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Castor Oil For Pets

castor-oil-cats-dogs


What is Castor Oil?

Castor oil (Ricinus communis) comes from castor beans which are plants native to Africa. Castor oil as natural medicine has been used for decades and even today is an added ingredient in a number of prescription medicines and skincare products. 

These days most of the world's production comes from India and sadly there are companies producing castor oil plants that are genetically modified. (1)  Ideally, any source of castor oil you decide to use for yourself or your pet should be from a natural source that is not genetically engineered. 

Castor oil has a naturally high content of ricinoleic acid which makes it a great omega 9 that can help with inflammation, pain, and cramps. The high concentration of ricinoleic acid gives castor oil its antibacterial, antifungal and antimicrobial properties.


Castor Oil Uses 

In Naturopathic medicine, castor oil is used to treat a number of different health issues, and although allopathic medicine hasn't really produced any comprehensive scientific studies, many pet owners and people working with natural medicines have used castor oil to help heal a broad spectrum of illnesses and disease. 

The fact it's been used since the Egyptian period, used as an ingredient in both prescription drugs and skincare products, in a way, tells us everything we need to know. It's worked for centuries and using an oil that draws on the wisdom of the whole naturally grown plant means you're tapping into the complete wisdom of the plant. The oil is the extraction from the best pharmacy of our times - nature.

However, don't forget your pet is an individual so be mindful of your pet's needs as not all things work for all pets all of the time. But castor oil is a great multi-purpose oil to have around the home for both you and your pet. Just ensure your purchasing an excellent grade of castor oil.

Castor oil uses range from helping with...

  • Constipation
  • Stimulating the uterus in labor
  • Cysts
  • To clear up hematomas 
  • Helps with skin issues such as dry flaky skin, dermatitis
  • Helps those pets that suffer from dry noses
  • Helps with the healing of wounds
  • Acts as an inflammatory especially for skin problems
  • Is a natural antifungal for issues such as candida
  • Can relieve pain from arthritis
  • Helps with acne
  • Boosts immune function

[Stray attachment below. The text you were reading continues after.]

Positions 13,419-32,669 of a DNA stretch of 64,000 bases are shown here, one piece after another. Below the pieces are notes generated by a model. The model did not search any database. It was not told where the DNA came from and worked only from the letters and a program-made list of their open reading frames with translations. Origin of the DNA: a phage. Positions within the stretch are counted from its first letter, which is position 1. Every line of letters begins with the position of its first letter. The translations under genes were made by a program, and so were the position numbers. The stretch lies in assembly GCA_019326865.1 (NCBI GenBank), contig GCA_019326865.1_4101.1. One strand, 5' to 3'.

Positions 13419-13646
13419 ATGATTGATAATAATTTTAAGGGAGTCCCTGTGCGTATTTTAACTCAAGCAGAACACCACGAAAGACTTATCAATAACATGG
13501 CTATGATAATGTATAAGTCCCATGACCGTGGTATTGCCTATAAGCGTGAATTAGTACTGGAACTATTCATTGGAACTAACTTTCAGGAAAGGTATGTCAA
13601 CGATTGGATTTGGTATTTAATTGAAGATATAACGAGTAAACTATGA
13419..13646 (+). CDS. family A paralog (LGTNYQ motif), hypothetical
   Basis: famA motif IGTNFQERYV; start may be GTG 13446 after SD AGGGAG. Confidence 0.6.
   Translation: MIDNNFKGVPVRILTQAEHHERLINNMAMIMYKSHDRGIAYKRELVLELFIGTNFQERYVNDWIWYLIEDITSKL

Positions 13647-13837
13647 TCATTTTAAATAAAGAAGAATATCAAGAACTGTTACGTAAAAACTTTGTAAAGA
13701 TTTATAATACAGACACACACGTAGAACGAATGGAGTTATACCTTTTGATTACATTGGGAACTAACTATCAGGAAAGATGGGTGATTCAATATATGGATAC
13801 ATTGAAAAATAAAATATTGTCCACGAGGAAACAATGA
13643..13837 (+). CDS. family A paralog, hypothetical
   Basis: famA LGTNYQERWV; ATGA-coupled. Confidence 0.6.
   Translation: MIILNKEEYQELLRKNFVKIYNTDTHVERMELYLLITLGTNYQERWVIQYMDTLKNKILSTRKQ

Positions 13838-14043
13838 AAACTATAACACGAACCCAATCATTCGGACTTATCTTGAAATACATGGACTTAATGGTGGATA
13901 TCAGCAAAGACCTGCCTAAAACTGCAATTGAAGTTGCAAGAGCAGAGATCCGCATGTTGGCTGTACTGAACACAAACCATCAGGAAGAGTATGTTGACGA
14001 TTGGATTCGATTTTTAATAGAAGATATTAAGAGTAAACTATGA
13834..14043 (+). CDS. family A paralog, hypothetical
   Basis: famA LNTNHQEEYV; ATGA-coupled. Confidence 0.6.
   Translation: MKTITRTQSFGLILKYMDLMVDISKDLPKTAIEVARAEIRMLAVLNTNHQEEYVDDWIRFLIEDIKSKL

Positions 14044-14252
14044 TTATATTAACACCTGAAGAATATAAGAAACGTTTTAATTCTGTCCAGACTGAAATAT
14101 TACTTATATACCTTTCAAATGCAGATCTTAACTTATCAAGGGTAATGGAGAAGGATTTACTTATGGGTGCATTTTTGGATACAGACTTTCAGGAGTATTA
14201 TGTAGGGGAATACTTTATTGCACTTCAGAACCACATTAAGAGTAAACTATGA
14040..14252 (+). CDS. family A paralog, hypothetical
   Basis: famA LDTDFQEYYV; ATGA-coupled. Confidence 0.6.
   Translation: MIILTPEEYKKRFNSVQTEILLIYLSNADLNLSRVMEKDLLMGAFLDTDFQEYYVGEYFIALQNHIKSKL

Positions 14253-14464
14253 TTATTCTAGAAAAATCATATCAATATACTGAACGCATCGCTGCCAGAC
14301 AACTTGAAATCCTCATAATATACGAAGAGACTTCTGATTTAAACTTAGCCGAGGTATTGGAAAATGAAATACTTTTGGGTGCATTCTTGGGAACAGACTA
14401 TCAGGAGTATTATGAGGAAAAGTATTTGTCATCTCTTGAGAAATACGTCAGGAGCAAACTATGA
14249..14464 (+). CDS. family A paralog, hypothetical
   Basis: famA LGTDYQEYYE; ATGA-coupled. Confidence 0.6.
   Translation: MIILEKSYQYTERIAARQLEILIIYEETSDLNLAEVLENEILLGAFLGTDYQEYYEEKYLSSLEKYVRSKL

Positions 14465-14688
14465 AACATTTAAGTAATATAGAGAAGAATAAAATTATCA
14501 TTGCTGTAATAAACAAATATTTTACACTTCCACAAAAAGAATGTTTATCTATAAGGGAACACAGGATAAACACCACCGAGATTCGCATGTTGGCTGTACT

• Helps improve circulation
  • Helps boost the lymphatic function
  • Used to help with cataracts
  • Can treat certain eye irritations
  • Helps with muscle pain
  • Effective against bacteria such as staph infections
  • Helps with sunburn
  • Helps treat ringworm


Is Castor Oil Safe?

Yes and no. It all comes down to how you're using it and how often and the quality of the oil. Also, the harvesting of the seeds has potential risks but if you're buying the oil you'll not have to worry about harvesting the plant, as any natural toxins found in the seeds are eliminated in the production process that makes the oil. 

However, as with any medicine, you'll still need to apply caution, especially with cats and if giving it orally to both cats and dogs. Castor oil is a good solution for a number of issues but long-term use is not recommended. 

Always look for the root cause of the issue and eliminate the cause of the problem in order for your cat or dog to fully recover. If they are always exposed to the "cause" you'll forever be treating symptoms and your pet will suffer numerous health issues throughout its lifetime if you don't get rid of the "toxin". As an interim solution, however, castor oil can be very effective in helping heal a number of different health issues.


Castor Oil Side Effects 

Side effects tend to be rare, however, it's important to be aware of any potential reactions as each pet responds differently.

  • Do not give to pregnant cats or dogs unless working with your integrative vet
  • Can cause diarrhoea
  • Potentially toxic to cats (work with your integrative vet)
  • Some pets may have an allergic reaction
  • May cause vomiting when given orally
  • May cause weakness
  • Continued long term use can damage the digestive system
  • Continued long term use can cause mineral depletion and electrolyte abnormalities


How To Use Castor Oil With Pets

Castor oil can be given orally, placed directly onto the skin, or used as a poultice. Dosage will vary depending on what you're treating, existing medical conditions, etc. 

If you're using it to help with constipation then depending on the size of your pet, one or two drops may be sufficient to loosen their stools or it may cause diarrhoea and rapidly. Castor oil can be given twice a day over the course of 2 to 3 days. Avoid using for a longer time frame. 

Start out with small amounts going up to for example half a teaspoon depending on the weight of your pet (for medium to large dogs) It will all depend on the individual animal and their body's tolerance. Work with your Naturopathic vet especially if you intend to give it orally and your pet is taking medications. Depending on the ailment being treated, alternative oils to try are CBD oil, coconut oil, or olive oil. 

For home treatments of constipation, olive oil is a good alternative to castor oil if your pet can't tolerate castor oil. If your cat or dog suffers from constipation it's generally a sign that there is not enough water in their diet, to help flush things through their system. Look to increase the amount of real raw food you feed your pet. Most animals that have problems with constipation are normally eating a dry food diet. To reduce the occurrence of constipation feed your pet real food and not just processed foods.